Assessment of Functional Connectome in End-Stage Organ Disease Patients After Life-Threatening Surgery

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PurposeThe purpose of this study was to assess the organization of intrinsic functional brain networks (functional connectome) in neurologically asymptomatic patients with end-stage organ disease who had undergone major surgery for life-threating conditions and compare it to a control group.Materials and MethodsResting-state functional magnetic resonance imaging (rest-fMRI) was performed in 10 adult, post-operative patients with end-stage organ disease. The patients (7 men, 3 women, mean age 57.9 ± 7.4 years) had undergone: n=4 coronary artery bypass graft for heart failure, n=2 orthotopic liver transplantation for non-alcoholic cirrhotic liver failure, n=3 mitral valve repair for heart failure, n=1 pancreaticoduodenectomy for pancreatic papillary tumor. Rest-fMRI was acquired within 48 hours after intensive care unit discharge. Structural brain MR imaging was acquired with T1-weighted, T2-weighted, diffusion weighted imaging, and susceptibility weighted imaging along with 3D isotropic T1-weighted MR images. MR examinations were performed on a 3T MR scanner (Discovery 750w, General Electric Healthcare, Milwaukee, WI, USA). Ten age- and sex-matched healthy controls were studied with the same protocol. Brain functional networks were analyzed by calculating the interregional correlation of low-frequency fluctuations in spontaneous brain activity. Weighted graph-based models were employed to topologically recognize reproducibly determined large-scale functional networks, including default mode, salience, dorsal attention, sensorimotor, visual and language networks using a seed-based approach with Functional Connectivity Toolbox (CONN) ( running under MatLab (The MathWorks Inc., Natick, MA, USA).A p-uncorrected < 0.0025 was used to threshold connectomes for voxel-wise paired statistical analysis to take in account the lateralization effect. Network comparisons were thresholded using a false discovery rate (FDR) cluster-level correction approach in patients and controls using the MatLab function “mafdr” for p-uncorrected <0.0025 obtaining the p-FDR < 0.077.ResultsFunctional connectivity in patients and controls was successfully assessed for the default mode, salience, dorsal attention, sensorimotor, visual, and language networks of the brain. There was statistically significant (p <0.05) reduced connectivity between seeds in the default mode, salience, sensorimotor, and language networks in patients compared to controls (Fig. 1). No acute structural lesions were observed in patients at MR imaging.ConclusionAssessment of functional connectome in end-stage organ disease patients is feasible in routine clinical setting. Rest-fMRI can demonstrate reduced connectivity of several intrinsic functional networks in critically ill, post-operative patients and it may be a useful prognostic indicator of early and long-term clinical outcome.ReferencesMa X, et al. Aberrant functional connectome in neurologically asymptomatic patients with end-stage renal disease. PloS One 2015;10:e0121085.Lariviere S, et al. Disrupted functional network integrity and flexibility after stroke: Relation to motor impairments. NeuroImage. Clinical 2018;19:883–891.Cheng Y, et al. Longitudinal Intrinsic Brain Activity Changes in Cirrhotic Patients before and One Month after Liver Transplantation. Korean Journal of Radiology, 2017;18,370–377.Zhang XD, et al. Long-and short-range functional connectivity density alteration in non-alcoholic cirrhotic patients one month after liver transplantation: A resting-state fMRI study. Brain Researc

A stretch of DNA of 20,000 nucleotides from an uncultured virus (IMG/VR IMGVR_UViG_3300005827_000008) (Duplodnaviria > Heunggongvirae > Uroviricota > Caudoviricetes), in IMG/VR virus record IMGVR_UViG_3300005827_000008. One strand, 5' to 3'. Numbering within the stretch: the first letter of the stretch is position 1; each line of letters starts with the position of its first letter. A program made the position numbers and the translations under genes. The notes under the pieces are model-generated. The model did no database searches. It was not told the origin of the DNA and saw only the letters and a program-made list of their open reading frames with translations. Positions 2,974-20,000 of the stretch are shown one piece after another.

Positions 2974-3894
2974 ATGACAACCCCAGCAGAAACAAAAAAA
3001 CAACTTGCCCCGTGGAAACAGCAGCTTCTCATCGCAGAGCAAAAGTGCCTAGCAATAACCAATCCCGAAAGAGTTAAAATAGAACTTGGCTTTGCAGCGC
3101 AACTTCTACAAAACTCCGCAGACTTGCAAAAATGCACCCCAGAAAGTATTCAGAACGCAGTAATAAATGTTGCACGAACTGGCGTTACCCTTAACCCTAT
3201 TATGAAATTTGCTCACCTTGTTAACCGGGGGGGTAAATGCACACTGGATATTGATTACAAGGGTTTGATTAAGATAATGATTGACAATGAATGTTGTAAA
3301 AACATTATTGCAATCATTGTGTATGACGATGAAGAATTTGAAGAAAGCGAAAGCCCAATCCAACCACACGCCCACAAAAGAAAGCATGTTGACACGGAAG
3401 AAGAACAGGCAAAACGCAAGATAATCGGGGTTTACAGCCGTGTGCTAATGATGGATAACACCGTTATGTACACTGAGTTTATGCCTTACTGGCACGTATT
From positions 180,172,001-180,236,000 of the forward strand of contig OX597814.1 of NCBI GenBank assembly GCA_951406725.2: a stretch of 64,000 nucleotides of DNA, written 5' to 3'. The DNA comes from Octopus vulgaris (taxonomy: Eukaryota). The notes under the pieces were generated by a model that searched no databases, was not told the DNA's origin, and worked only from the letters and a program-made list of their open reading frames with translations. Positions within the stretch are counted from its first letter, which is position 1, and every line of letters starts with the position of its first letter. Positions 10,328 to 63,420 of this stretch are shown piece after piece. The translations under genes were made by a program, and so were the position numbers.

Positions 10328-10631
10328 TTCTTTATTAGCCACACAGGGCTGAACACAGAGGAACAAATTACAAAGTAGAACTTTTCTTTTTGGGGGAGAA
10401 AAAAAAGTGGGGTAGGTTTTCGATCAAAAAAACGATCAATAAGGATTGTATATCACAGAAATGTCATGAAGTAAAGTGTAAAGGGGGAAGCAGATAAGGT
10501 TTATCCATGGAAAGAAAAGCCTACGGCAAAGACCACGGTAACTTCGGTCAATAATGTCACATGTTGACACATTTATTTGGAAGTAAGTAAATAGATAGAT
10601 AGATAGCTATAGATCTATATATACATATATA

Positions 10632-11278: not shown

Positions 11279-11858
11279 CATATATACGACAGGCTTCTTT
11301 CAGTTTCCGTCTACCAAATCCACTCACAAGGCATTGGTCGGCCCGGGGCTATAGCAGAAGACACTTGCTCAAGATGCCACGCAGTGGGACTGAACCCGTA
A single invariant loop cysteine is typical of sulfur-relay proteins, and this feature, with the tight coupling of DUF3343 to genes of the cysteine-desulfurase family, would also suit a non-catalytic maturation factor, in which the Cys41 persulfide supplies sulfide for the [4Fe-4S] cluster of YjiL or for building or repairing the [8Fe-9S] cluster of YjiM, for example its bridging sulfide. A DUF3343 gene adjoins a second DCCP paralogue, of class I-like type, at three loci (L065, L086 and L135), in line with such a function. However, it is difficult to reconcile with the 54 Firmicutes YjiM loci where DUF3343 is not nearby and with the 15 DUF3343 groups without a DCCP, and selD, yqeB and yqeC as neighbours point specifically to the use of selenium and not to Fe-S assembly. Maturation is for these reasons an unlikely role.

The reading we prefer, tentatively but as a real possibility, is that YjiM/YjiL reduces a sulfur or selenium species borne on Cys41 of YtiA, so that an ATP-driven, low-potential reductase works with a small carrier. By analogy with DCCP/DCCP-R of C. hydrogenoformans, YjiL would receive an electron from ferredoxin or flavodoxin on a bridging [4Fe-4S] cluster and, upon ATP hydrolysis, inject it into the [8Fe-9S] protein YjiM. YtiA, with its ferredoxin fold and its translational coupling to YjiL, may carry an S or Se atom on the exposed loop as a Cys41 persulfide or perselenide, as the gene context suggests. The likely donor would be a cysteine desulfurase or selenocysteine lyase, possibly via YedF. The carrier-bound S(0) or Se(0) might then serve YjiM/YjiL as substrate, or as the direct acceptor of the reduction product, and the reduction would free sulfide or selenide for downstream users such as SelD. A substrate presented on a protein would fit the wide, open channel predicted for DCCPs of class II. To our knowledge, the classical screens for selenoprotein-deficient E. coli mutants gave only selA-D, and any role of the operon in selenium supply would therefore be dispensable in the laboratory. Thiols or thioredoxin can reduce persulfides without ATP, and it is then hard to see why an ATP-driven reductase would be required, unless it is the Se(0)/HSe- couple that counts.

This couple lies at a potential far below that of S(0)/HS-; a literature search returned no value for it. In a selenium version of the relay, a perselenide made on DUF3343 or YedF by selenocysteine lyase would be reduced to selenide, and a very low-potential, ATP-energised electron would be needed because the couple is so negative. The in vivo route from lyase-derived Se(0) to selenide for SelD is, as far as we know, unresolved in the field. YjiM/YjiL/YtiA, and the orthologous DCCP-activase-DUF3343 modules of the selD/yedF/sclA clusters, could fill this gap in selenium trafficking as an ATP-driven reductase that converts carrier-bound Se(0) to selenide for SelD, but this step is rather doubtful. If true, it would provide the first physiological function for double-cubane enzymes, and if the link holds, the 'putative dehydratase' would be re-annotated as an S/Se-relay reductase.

Lingua originaleEnglish
Numero di pagine1
Stato di pubblicazionePublished - 2020


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